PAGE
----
Downloads: Classic Lepidoptera Books by W. J. Holland

I’ve added some links to downloads of classic books on Lepidoptera to the downloads page:

Obviously these books are long out of copyright, but still contain a wealth of useful information.

Utah Lepidopterists’ Society Meeting: January 14, 2011

I finally made it to a meeting of the Utah Lepidoptersts’ Society.  The meeting was held at the Natural History Museum of Utah on the campus of the University of Utah and is adjacent to Red Butte Gardens.  The community room sits next to the museum café and is a fantastic place for the meetings when they are held in Salt Lake.  This was the first meeting held at the new museum and it is a beautiful venue.  I didn’t have time to take a tour, but will go through next week some time with my wife. I’m sorry I can’t remember the names of everyone in attendance, but those I do remember are: Col. Clyde Gillette, Jack Harry, Jacque Wolfe, … Continue reading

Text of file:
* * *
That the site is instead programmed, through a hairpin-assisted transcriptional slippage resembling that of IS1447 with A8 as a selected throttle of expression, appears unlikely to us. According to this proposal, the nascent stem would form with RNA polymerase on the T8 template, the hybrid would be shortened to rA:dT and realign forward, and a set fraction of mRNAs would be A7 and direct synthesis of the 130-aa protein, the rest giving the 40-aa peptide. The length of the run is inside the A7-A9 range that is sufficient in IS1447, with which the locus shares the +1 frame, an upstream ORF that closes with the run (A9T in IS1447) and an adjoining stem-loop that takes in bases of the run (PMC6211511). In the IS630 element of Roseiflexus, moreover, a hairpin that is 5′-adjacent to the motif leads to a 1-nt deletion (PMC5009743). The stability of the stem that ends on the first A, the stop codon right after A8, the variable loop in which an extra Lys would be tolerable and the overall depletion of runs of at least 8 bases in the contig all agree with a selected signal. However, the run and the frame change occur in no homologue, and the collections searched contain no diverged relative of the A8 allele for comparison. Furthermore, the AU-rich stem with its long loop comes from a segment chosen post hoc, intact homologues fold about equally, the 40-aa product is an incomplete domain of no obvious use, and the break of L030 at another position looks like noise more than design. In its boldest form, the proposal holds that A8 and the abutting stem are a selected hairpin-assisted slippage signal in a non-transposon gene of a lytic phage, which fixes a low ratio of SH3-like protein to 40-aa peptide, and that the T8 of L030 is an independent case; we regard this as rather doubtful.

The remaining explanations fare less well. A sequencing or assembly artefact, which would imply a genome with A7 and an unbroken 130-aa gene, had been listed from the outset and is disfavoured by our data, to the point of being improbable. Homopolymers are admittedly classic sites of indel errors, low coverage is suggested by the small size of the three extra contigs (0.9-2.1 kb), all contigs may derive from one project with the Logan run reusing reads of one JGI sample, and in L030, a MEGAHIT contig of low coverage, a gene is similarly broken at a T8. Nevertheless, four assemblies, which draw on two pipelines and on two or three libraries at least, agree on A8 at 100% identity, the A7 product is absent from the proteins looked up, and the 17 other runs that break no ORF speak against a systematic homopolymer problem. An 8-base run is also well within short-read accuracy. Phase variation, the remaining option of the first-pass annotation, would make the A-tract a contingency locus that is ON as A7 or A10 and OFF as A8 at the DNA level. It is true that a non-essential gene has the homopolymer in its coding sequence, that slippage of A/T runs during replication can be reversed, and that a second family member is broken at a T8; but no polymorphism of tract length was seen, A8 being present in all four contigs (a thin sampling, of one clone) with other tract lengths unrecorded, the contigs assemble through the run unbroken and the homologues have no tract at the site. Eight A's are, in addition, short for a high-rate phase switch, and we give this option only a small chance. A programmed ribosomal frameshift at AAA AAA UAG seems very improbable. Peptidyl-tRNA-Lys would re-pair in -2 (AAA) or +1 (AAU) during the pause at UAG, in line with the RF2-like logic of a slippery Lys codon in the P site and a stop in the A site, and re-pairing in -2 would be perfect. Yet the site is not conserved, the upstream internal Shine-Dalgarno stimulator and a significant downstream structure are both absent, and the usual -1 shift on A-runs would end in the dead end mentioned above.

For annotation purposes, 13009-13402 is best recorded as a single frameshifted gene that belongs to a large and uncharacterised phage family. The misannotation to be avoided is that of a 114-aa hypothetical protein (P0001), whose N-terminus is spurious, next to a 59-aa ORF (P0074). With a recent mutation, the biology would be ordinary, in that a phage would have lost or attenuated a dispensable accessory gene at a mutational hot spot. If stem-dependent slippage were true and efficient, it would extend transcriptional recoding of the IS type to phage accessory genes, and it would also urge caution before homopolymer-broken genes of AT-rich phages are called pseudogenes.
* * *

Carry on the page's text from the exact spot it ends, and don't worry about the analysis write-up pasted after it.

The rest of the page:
Quick Note: Aquarium Filter Media Bags

While I’ll be putting up a full post concerning yesterday’s meeting of the Utah Lepidopterists’ Society, I wanted to quickly mention one thing I found out. Todd Stout had brought in some caterpillars on a plant to show. He had segregated each of them to a separate branch by using small net bags his wife had sewn. Craig (EntoCraig), one of the founders of the Utah Society of Entomology suggested using aquarium filter media bags. Great idea! These bags are available inexpensively and in multiple sizes. I can see lots of uses for those rearing insects as well as field naturalists. I found this source in a quick search this morning.

GW

Quick Note: Utah Lepidopterists’ Society Meeting This Saturday, Jan 14 2012

Tony Jones will be giving a presentation on Butterfly Photography this Saturday at 10:00 AM.  The Utah Lepidopterists’ Society meets at the Natural History Museum of Utah, Community Room, Salt Lake City, UT.  The museum is located on the University of Utah Campus, 301 Wakara Way Salt Lake City, UT 84108